Having an Iran deal opens the floodgates of economic opportunity, breaths new life into the middle class, and raises the standard of living, which are all vehicles of change. With the passing of the Joint Comprehensive Plan of Action (JCPOA), the deal has done a lot more for positive transformation in Iran than sanctions ever could.
Opponents of the Iran deal have been unable to produce a viable alternative. That is because there really are no alternatives left. Should the Iran deal collapse under the weight of spoilers like Schumer, Iran will get a nuclear weapon. And once Iran achieves and announces that capability to the world, no expert will be able to foresee the consequences.
Because much of the cooperation between Iran and North Korea is shrouded in mystery, their relationship is ripe for exploitation, particularly by those who are eager to find a hammer to destroy the impending nuclear agreement with Iran. But if this is the only implement that critics can find to inflict damage, they're scraping the bottom of their toolbox of destruction.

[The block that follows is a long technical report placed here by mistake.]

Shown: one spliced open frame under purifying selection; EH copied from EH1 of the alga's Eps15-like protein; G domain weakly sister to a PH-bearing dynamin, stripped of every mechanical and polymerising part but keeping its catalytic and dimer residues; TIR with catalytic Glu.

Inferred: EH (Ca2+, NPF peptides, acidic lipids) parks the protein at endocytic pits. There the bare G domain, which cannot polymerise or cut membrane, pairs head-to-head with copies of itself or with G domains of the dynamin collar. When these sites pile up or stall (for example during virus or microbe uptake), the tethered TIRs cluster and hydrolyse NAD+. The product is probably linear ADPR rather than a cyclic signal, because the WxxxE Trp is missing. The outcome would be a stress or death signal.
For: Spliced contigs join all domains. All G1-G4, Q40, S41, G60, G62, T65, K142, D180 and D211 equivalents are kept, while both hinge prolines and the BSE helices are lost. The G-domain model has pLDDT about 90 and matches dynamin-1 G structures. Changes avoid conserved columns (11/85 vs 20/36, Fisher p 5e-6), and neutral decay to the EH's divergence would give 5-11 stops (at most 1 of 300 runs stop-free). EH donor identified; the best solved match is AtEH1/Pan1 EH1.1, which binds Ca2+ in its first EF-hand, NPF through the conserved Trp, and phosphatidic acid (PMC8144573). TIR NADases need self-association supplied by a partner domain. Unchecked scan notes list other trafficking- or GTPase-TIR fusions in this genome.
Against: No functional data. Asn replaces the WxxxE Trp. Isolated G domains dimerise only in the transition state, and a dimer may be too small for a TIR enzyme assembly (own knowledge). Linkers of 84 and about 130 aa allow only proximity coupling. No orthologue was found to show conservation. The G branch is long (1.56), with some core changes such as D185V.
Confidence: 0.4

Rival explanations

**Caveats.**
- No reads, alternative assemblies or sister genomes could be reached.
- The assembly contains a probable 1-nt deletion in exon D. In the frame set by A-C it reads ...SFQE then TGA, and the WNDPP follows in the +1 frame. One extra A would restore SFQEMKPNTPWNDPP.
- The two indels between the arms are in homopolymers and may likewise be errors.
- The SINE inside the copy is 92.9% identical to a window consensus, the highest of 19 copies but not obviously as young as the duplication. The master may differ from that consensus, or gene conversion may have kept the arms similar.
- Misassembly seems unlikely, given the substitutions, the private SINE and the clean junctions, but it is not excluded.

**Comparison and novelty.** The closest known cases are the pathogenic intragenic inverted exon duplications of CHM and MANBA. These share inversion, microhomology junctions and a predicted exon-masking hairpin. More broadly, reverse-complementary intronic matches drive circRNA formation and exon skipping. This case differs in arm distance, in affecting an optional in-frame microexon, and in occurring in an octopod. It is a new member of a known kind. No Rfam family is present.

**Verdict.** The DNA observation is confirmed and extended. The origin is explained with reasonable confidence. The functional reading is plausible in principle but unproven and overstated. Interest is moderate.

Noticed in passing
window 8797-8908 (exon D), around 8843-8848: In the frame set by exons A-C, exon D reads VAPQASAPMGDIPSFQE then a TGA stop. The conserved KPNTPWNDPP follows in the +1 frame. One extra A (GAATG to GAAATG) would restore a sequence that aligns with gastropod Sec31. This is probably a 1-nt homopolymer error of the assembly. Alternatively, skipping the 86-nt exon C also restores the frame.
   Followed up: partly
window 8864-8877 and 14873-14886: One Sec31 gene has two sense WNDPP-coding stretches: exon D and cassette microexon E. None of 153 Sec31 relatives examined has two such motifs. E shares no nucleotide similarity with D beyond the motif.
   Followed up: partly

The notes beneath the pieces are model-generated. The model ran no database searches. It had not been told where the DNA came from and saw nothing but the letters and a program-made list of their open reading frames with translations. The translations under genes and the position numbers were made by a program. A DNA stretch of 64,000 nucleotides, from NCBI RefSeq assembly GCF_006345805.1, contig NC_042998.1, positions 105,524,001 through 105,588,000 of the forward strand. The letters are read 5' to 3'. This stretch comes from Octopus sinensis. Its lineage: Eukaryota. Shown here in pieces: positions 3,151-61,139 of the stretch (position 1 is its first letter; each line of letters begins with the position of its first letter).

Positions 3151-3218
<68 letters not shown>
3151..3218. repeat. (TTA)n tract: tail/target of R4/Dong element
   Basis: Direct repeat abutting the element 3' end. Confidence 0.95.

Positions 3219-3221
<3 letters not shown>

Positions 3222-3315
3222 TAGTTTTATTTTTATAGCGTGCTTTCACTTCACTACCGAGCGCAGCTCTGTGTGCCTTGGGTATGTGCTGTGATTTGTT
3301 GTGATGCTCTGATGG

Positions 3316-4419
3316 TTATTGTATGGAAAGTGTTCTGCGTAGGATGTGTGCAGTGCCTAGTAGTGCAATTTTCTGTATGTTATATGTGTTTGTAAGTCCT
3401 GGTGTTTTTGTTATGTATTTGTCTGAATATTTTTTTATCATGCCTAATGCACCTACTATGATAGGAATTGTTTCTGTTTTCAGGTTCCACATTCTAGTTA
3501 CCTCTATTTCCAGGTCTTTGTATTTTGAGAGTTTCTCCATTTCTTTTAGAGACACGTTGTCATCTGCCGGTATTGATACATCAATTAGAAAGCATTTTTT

What the Venezuela sanctions made clear is that President Obama's opening to Cuba represented exactly zero change in Washington's overall strategy toward the region: The intention of expanding commercial and diplomatic relations with Cuba was mainly to pursue a more effective strategy of undermining the Cuban government -- and all the left governments in the region.